official_name = Taunggyi
native_name = _my. ေတာင္ႀကီး
image_caption = A view of Taunggyi
dot_x = |dot_y =
pushpin_map_caption =Location of Taunggyi, Myanmar (Burma)
subdivision_type = Country
subdivision_type1 = Admin. division
established_title = Founded
established_date = 1894
Bamar, Burmese Chinese, Burmese Indians, Shan
Animism, Buddhism, Islam, Sikhism
latd=20 |latm=47 |lats= |latNS=N
longd=97 |longm=02 |longs= |longEW=E
elevation_m = 1400
footnotes = Taunggyi (MYname|MY=တောင်ကြီးမြို့|MLCTS=taung kri: mrui.), is the capital of
Shan State, Myanmar. Taunggyi has a population of approximately 200,000, making it the fourth largest city in Myanmar (behind Mawlamyaing), and is at an elevation of 4,590 feet (1,400 m) above sea level. The name Taunggyi means "big mountain" in the Burmese language, and is named after the ridge on the east of the city, and the prominent high point on it is called the Taung-chun or "The Crag." Although within the Shan State, the Shans are not the predominant population of this city. The Inthas and the Pa-Os form the most visible population. Recently there has been a flood of Chinese immigrants. Taunggyi lies within the Myelatregion of Shan State.
Prior to British colonisation, Taunggyi was a small village of a few huts. The area lay on a wide shoulder of the Sintaung Hills of the Shan Plateau and was populated by the
Pa-Oethnicity at the time. The signs of the original village of Taunggyi are long gone, but nearby villages can still be discerned quite easily.
During British occupation, the town became the chief city and capital of the Southern Shan States. Taunggyi's modern development began in 1894, when the British moved their administrative offices from
Maing Thauk(Fort Stedman) on the eastern shores of Inle Lake to the higher elevation of Taunggyi, for health and geographical reasons. Although geographically within the state of Yawnghwe, the town was denoted as a "notified area" by the British, exempt from the Sawbwa's administration. By 1906, there existed a thousand houses. Because of civil unrest throughout the Shan States during the early 1900s, Taunggyi served as the chief garrison for military police. Taunggyi also served as a supply centre for the Shan States, and catered to persons of many nationalities.
The main access to Taunggyi is by road. A railway line that passes through Taunggyi was recently built in 1995, but at the moment it offers no passenger service. Regular railway passenger service to the rest of the country is through the town of Shwenyaung, twelve miles to the west. The nearest airport is in the town of
Heho, mi to km|24|wiki=yes by road to the west of Taunggyi.
Taunggyi is the melting pot for the Myelat area of the Shan State. In addition to the indigenous
Pa-Oand Intha, there is a significant population of Shans, Bamars, other native ethnic minorities, as well as Chinese and Burmese Muslims. Like in most of Myanmar, influence of Buddhism is most evidenced by the monasteries scattered throughout the city. However, being a relatively new city, the monasteries are not of historical significance and architecturally not unique. There is also a significant Christian population, as the center of the Roman Catholic Archdiocese of Taunggyithe St. Joseph's Cathedral and its associated seminary are the main facilities, as well as a Baptist Church, both established by early missionaries. There is also a smaller Anglican church, which originally served the British administrators, but recently it has fallen into a state of disrepair. Four mosques serve the Muslim population of the city, Myo Oo Pali, A Lae Pali and Taung Pali are for large population of Burmese Muslims, and Panthay Pali for the Chinese PanthayMuslims. There are also a few temples serving the Chinese Buddhist community.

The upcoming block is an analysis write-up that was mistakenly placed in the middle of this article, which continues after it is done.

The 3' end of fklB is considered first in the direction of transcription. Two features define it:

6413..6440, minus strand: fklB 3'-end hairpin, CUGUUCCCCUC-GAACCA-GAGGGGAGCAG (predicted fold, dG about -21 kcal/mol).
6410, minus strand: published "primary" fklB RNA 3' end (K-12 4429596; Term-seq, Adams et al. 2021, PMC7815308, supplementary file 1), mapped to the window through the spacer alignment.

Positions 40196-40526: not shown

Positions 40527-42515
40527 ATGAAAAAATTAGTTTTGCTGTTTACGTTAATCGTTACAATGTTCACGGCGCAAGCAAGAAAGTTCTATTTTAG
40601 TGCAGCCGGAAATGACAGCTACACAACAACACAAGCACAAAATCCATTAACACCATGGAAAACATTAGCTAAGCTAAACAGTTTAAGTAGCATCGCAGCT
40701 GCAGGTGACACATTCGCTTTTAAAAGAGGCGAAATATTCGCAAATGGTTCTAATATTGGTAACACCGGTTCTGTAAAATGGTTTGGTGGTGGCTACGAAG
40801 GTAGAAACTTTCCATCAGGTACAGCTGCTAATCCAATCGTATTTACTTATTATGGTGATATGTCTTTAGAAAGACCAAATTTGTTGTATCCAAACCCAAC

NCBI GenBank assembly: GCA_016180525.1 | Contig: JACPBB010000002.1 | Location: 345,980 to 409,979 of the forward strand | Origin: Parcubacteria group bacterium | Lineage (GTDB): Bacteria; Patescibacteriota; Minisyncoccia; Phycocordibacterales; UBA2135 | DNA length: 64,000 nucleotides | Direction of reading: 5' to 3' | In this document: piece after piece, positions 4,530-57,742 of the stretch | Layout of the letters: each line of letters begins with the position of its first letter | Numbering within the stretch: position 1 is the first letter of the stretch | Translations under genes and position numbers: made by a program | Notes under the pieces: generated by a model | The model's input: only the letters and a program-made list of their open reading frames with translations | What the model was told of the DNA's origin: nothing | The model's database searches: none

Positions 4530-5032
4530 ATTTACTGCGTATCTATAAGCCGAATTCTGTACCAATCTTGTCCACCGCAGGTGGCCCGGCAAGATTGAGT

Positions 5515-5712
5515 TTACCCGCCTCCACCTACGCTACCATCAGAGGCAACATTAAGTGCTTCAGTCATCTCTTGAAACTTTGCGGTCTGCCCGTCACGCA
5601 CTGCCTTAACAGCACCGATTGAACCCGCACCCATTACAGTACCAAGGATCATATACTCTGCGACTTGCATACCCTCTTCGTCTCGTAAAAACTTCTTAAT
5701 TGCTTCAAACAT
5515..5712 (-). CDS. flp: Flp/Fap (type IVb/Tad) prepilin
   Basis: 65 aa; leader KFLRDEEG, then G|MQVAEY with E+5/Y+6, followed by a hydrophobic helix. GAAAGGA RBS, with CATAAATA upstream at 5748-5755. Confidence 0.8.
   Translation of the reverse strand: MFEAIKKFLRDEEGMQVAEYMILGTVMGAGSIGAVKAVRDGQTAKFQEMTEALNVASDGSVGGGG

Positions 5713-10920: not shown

The Taunggyi area is a popular tourist destination. The city itself has an interesting five-day market, where farmers from around the area would come to the Taunggyi on market day and sell fresh produce in the open market, but with more development of the city, the significance of market day has been lessened. However, the market-day tradition continues strong in the outlying small towns. Nearby, Inlay Lake is the home of the unique Intha culture. The drive to the
Pindaya Cavesprovides a good view of the Myelatcountry. Nearer to Taunggyi at the Kat-ku, one can see hundreds of stupas dating to the 16th century.
There is no significant industry in Taunggyi. It used to be the trans-shipment point for many of the agricultural products of southern Shan State. However, due to recently imposed zoning regulations, most of these operations have been moved to the surrounding new town of Ayetharyar.
Being the capital of the Shan State, Taunggyi hosts many government offices. There is a museum in town which has displays on the Shan culture, as well as items of historical interest, such as belongings of the
Sawbwas. The city is also the headquarters of Eastern Command of the Tatmadaw(Burmese Army), and the army occupies a significant portion of the northeast area of the city.
The city is home to the
Taunggyi Education Collegeand Taunggyi University. Shan State Cultural Museum-the state museum lies in Taunggyi.
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